The Supreme Court struck down the limits to the number of candidates a person is allowed to give money to and the total amount you are allowed to give. Left standing is the limit a person can give to one candidate–$48,600–but the law had limited total giving to $123,200. That meant that a donor wanting to give the maximum amount could only support nine candidates.
I know that critics of the ruling are claiming that this opens the door to political corruption and gives rich people the opportunity to buy candidates. But are there any constitutional grounds for objecting to this ruling? Aren’t limitations of political activity unconstitutional on the face of it?
The Supreme Court ruled Wednesday that wealthy donors shouldn’t be limited in how many candidates they can contribute to during an election, though the justices did leave in place the maximum donation that can be made to a single candidate.
The ruling is certain to reignite a debate over the role of money in politics and it enraged Democrats, who argue that conservatives are dismantling the campaign finance system one ruling at a time.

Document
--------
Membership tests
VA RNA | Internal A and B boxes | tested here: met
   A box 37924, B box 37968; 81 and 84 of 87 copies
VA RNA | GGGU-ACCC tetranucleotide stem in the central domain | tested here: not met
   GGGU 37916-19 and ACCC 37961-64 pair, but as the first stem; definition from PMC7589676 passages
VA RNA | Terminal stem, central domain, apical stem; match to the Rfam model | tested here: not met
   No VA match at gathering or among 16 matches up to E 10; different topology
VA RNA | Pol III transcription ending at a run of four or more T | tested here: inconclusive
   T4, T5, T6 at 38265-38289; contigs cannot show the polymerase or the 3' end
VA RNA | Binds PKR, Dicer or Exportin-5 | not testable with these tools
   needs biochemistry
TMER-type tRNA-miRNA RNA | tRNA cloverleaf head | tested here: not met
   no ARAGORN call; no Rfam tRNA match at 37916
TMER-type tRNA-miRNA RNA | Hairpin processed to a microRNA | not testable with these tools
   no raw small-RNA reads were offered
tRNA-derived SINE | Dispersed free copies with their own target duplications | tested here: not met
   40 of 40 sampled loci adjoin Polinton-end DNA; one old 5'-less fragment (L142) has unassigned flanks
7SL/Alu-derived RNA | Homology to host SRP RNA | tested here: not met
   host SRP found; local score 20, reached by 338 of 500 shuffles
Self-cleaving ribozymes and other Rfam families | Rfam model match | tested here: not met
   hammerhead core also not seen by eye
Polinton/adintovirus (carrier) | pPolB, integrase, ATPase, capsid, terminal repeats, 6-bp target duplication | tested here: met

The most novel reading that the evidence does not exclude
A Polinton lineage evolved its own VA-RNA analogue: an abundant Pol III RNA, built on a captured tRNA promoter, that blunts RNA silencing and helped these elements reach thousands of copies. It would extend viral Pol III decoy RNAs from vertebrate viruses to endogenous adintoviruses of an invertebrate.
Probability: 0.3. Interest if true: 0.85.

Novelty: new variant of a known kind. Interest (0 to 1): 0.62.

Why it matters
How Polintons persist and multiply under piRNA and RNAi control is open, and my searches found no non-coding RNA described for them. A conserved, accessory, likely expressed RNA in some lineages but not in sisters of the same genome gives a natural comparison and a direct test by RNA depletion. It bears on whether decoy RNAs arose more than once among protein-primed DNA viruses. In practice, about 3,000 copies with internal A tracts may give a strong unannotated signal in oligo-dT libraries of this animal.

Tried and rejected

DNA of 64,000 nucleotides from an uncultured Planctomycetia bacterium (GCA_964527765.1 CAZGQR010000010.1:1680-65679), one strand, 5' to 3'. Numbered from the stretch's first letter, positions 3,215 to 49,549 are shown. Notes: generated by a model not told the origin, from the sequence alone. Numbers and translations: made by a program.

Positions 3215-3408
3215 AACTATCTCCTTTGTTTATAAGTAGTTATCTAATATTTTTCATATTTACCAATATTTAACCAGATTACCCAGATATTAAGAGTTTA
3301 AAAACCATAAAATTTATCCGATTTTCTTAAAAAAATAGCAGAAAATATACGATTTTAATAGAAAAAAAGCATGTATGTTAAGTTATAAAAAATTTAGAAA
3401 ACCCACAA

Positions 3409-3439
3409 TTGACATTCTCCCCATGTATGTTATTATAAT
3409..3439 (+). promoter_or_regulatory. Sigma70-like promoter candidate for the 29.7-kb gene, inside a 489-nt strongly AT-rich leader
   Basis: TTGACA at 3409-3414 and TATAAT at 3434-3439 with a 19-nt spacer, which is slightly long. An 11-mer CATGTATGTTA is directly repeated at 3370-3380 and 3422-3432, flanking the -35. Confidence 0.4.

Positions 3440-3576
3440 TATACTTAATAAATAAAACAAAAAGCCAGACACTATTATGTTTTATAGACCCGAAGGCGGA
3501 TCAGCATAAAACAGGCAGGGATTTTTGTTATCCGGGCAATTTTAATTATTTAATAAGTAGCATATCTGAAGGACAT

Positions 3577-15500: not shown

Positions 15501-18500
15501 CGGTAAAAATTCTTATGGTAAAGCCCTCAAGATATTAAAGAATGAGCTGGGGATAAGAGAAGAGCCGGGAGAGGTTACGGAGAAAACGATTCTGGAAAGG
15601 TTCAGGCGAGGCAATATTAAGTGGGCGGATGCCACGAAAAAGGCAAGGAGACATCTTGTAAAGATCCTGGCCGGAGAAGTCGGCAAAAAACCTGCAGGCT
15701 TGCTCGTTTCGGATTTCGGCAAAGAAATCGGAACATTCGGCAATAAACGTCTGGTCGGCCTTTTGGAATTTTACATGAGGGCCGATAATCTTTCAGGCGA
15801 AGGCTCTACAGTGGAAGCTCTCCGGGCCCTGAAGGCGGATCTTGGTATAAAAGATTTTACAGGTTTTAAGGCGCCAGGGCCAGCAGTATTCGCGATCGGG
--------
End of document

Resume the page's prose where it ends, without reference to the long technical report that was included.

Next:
But Chief Justice John G. Roberts Jr., in the controlling opinion in the 5-4 ruling, said that while the government has an interest in preventing corruption of federal officeholders, individuals have political rights that include being able to give to as many candidates as they want, in order to show support.
“Money in politics may at times seem repugnant to some, but so too does much of what the First Amendment vigorously protects,” the chief justice wrote. “If the First Amendment protects flag burning, funeral protests, and Nazi parades — despite the profound offense such spectacles cause — it surely protects political campaign speech despite popular opposition.”
Under the current limit, a donor can’t give more than $123,200 to candidates, parties and political action committees. Of that, just $48,600 can go directly to candidates.
That means if someone wanted to give the maximum donation, he could only contribute to nine candidates.
Chief Justice Roberts said it made no sense that someone couldn’t give to a 10th candidate or more — and said the government didn’t offer a clear line on where corruption would come into play.
But defenders of the law posed a hypothetical, saying that if someone were allowed to give the maximum to every political candidate and party, it could amount to $3.5 million — which could then be redistributed to other campaigns by the candidates and parties themselves
Strict campaign finance advocates said they feared those candidates and parties could then collude and siphon the money back to a single candidate the donor had wanted to benefit in the first place, which would effectively break the contribution limit.